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The World Without Us by Alan Weisman
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The World Without Us

by Alan Weisman

Other authors: See the other authors section.

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» See also 236 mentions

English (157)  Italian (3)  German (2)  Danish (1)  Dutch (1)  French (1)  All languages (165)
Showing 1-5 of 157 (next | show all)
Zu viele Informationen, zu viel Daten, ein zu unscharfes und unwirkliches Szenario, das unstrukturiert von verschiedenen Ecken und Enden aus beleuchtet wird. Schwierig, auch nur einen Teil der Unfassbarkeit, die das Buch beschreibt, aufzunehmen.
Aber sicherlcih ein interressantes Szenario, wenngleich auch höchst unwahrscheinlich.
  Kindlegohome | Nov 22, 2018 |
A study of all the myriad ways the earth would be affected if humans up and disappeared all at once. I have a bit of a fascination with urban decay, so learning about what would happen to our infrastructure without upkeep was really cool. Unfortunately, the author gave the distinct impression that the world would be better off without people, which was kind of tiresome. I'm all for reducing one's footprint, but it was strongly implied that humans are interlopers on our home planet. All that aside, the bits about history and technology were pretty cool. Just don't expect a tale of hope and human ingenuity. ( )
  melydia | Oct 7, 2018 |
I got this book on CD from the library because I had watched the History Channel special based on this book and enjoyed it. I expected the book to be similar to the TV program--a look into what the world would be like if humans suddenly disappeared. The book does cover this, but mostly it discusses how humans are currently ruining the planet and that the world would be better off without us. That may be true, but it's depressing to listen to for 12 hours! ( )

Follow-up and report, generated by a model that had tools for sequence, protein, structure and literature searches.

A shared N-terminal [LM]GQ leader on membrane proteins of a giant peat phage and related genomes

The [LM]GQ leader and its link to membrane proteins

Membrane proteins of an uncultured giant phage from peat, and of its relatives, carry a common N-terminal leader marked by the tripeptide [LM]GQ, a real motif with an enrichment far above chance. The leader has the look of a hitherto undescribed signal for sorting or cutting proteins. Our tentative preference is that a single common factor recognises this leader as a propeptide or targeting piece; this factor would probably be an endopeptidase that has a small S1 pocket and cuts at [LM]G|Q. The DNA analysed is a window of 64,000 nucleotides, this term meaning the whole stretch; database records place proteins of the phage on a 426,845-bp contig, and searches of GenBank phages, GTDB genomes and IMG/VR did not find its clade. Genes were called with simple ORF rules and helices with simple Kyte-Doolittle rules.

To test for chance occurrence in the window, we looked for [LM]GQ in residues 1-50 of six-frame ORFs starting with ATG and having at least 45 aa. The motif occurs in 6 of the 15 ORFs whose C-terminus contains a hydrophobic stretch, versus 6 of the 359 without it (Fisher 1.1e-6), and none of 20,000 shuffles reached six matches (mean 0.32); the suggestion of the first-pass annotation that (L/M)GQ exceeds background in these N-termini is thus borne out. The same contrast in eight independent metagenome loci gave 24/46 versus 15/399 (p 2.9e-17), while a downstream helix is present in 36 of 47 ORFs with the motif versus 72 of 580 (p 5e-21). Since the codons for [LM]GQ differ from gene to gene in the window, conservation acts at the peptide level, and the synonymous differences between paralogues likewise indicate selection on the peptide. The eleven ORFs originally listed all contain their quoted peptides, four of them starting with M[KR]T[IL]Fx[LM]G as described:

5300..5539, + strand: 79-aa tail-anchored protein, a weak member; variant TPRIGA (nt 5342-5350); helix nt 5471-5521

bookhookgeek | Sep 7, 2018 |
I found this book fascinating. The author looked into many different parts of human civilization to see what would be going on if humans disappeared. Cities, subways, ancient ruins, nuclear power plants, coral reefs, Panama Canal... The list goes on and on. By looking at what could happen, I learned a lot about what has already happened. ( )
  shelbycassie | Aug 5, 2018 |
I love books that teach me stuff, but I really love books that make me think! This is a fascinating look at what would happen to our world if human being all disappeared at the same time. What would happen to our homes, subways, pets, the ocean, the nuclear waste sites, etc! To figure out what would happen in the future the author has to briefly take us back to the past; and he does so in an accessible and entertaining way. ( )